Fortnum & Mason boss hits out over tourist tax that could cost businesses at least £2bn
Fortnum & Mason boss Ewan Venters
Government plans for a ‘tourist tax’ on international visitors could wipe billions from spending in Britain, experts have warned.
The tax will hammer London’s West End – already the area worst hit by the sharp downturn in shop visitors during the pandemic – and could cost at least £2billion across retail, hospitality and other industries.
The removal of the tax-free loophole to help fill Treasury coffers, which comes into force on January 1, will mean tourists will be unable to claim back VAT when they leave the country.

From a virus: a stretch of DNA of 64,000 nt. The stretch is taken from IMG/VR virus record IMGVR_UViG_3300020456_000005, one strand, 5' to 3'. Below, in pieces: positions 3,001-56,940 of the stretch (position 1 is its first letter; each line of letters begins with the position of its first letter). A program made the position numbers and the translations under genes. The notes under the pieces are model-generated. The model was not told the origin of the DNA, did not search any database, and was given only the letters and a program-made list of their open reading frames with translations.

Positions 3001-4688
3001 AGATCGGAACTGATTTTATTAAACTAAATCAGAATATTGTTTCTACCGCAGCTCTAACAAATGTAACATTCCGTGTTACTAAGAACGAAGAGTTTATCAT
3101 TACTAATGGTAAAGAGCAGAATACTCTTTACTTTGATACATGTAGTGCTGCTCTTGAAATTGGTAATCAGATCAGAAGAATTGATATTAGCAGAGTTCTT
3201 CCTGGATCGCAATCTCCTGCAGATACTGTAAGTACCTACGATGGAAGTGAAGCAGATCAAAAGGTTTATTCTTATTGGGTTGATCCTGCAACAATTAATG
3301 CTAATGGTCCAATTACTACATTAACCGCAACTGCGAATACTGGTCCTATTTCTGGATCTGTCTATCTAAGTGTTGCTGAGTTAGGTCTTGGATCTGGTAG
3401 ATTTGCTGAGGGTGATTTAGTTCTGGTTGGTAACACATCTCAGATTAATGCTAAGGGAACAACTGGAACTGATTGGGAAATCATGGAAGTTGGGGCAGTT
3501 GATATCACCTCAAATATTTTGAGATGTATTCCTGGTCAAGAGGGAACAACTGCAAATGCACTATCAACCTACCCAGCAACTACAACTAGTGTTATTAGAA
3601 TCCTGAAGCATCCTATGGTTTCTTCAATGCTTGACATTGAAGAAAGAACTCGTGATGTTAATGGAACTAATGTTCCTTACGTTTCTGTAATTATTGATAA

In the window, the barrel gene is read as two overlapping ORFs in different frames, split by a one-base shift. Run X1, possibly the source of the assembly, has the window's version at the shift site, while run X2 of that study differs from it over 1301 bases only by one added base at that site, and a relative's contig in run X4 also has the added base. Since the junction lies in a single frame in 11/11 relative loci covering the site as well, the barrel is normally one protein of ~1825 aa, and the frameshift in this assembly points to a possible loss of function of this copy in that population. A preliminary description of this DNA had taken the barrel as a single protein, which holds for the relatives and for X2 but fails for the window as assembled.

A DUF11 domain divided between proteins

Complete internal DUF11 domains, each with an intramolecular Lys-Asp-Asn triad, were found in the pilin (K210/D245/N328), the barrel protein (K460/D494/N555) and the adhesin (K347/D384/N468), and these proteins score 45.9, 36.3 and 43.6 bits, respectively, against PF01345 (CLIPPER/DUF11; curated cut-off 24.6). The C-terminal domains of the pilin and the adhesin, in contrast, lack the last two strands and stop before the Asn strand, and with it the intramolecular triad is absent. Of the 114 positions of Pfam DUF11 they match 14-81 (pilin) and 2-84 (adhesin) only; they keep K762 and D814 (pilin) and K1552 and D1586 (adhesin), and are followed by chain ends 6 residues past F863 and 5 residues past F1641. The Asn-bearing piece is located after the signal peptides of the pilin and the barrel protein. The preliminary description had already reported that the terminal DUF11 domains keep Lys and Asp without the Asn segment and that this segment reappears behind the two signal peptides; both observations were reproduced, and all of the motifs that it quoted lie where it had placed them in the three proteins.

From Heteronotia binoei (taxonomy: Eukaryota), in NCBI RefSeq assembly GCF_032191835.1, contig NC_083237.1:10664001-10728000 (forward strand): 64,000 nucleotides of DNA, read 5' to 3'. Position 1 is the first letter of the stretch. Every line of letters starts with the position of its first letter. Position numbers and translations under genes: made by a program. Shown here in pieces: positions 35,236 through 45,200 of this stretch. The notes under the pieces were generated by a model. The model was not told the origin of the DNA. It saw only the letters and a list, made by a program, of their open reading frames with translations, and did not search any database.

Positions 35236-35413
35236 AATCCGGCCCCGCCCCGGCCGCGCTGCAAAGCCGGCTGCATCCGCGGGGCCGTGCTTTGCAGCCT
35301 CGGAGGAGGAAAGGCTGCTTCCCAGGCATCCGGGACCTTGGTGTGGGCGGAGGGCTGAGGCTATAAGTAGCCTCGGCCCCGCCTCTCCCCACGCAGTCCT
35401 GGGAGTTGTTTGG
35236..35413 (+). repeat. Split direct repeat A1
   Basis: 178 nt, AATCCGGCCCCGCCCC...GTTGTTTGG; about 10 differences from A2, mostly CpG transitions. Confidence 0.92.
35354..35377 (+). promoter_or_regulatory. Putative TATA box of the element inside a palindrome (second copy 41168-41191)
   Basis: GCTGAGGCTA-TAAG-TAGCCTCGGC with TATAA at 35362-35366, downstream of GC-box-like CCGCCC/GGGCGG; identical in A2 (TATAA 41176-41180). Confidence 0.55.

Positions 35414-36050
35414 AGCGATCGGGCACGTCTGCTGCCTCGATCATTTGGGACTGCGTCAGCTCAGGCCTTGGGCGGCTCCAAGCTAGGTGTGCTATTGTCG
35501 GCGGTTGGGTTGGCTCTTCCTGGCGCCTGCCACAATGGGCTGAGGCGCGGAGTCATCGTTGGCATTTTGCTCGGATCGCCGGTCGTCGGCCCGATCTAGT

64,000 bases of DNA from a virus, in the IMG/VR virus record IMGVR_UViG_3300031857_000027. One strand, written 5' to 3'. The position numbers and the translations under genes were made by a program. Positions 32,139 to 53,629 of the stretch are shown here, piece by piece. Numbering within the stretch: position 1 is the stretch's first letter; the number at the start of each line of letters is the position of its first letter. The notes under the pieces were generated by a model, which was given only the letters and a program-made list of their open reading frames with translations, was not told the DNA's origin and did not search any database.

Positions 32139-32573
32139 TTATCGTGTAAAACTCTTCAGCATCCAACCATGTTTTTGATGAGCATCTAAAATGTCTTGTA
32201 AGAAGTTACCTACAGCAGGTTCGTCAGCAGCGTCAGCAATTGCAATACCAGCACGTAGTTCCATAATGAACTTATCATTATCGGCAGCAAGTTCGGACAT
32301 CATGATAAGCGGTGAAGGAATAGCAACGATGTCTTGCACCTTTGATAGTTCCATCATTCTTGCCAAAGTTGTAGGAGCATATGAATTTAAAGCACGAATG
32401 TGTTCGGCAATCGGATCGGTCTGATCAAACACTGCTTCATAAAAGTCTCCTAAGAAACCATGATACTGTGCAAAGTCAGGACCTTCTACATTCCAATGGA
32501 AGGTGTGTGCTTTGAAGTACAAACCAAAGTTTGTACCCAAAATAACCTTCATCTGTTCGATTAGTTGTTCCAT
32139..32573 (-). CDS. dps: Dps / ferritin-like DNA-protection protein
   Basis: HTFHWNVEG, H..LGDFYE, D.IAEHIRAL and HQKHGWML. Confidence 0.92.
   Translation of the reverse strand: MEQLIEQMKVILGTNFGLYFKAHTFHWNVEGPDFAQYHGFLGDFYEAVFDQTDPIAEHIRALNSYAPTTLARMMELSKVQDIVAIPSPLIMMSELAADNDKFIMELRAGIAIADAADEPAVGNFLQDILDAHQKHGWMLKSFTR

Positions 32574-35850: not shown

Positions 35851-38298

Fortnum & Mason boss Ewan Venters said: ‘I am flabbergasted by the Government’s lack of commercial nous and the lack of nuance with this move.
‘It is predicated on the ridiculous statement from the Government that said visitors are not price sensitive.
‘Well, I am sorry, that is fundamentally wrong.’
Paul Barnes, chief executive of the Association of International Retail, said long-distance tourists who travel from places such as China – which puts £1billion into shop tills – may instead skip Britain and head to Paris where the loophole remains.
He said: ‘Non-EU visitors spend around £18billion a year in the UK. Only £3billion is on shopping, which you could call a ‘loss leader’, but the remaining £15billion is VAT-able.
‘Yet the Treasury has admitted that it only looked at shopping, not the wider impact on the economy.’
Tourist attraction: Fortnum & Mason in London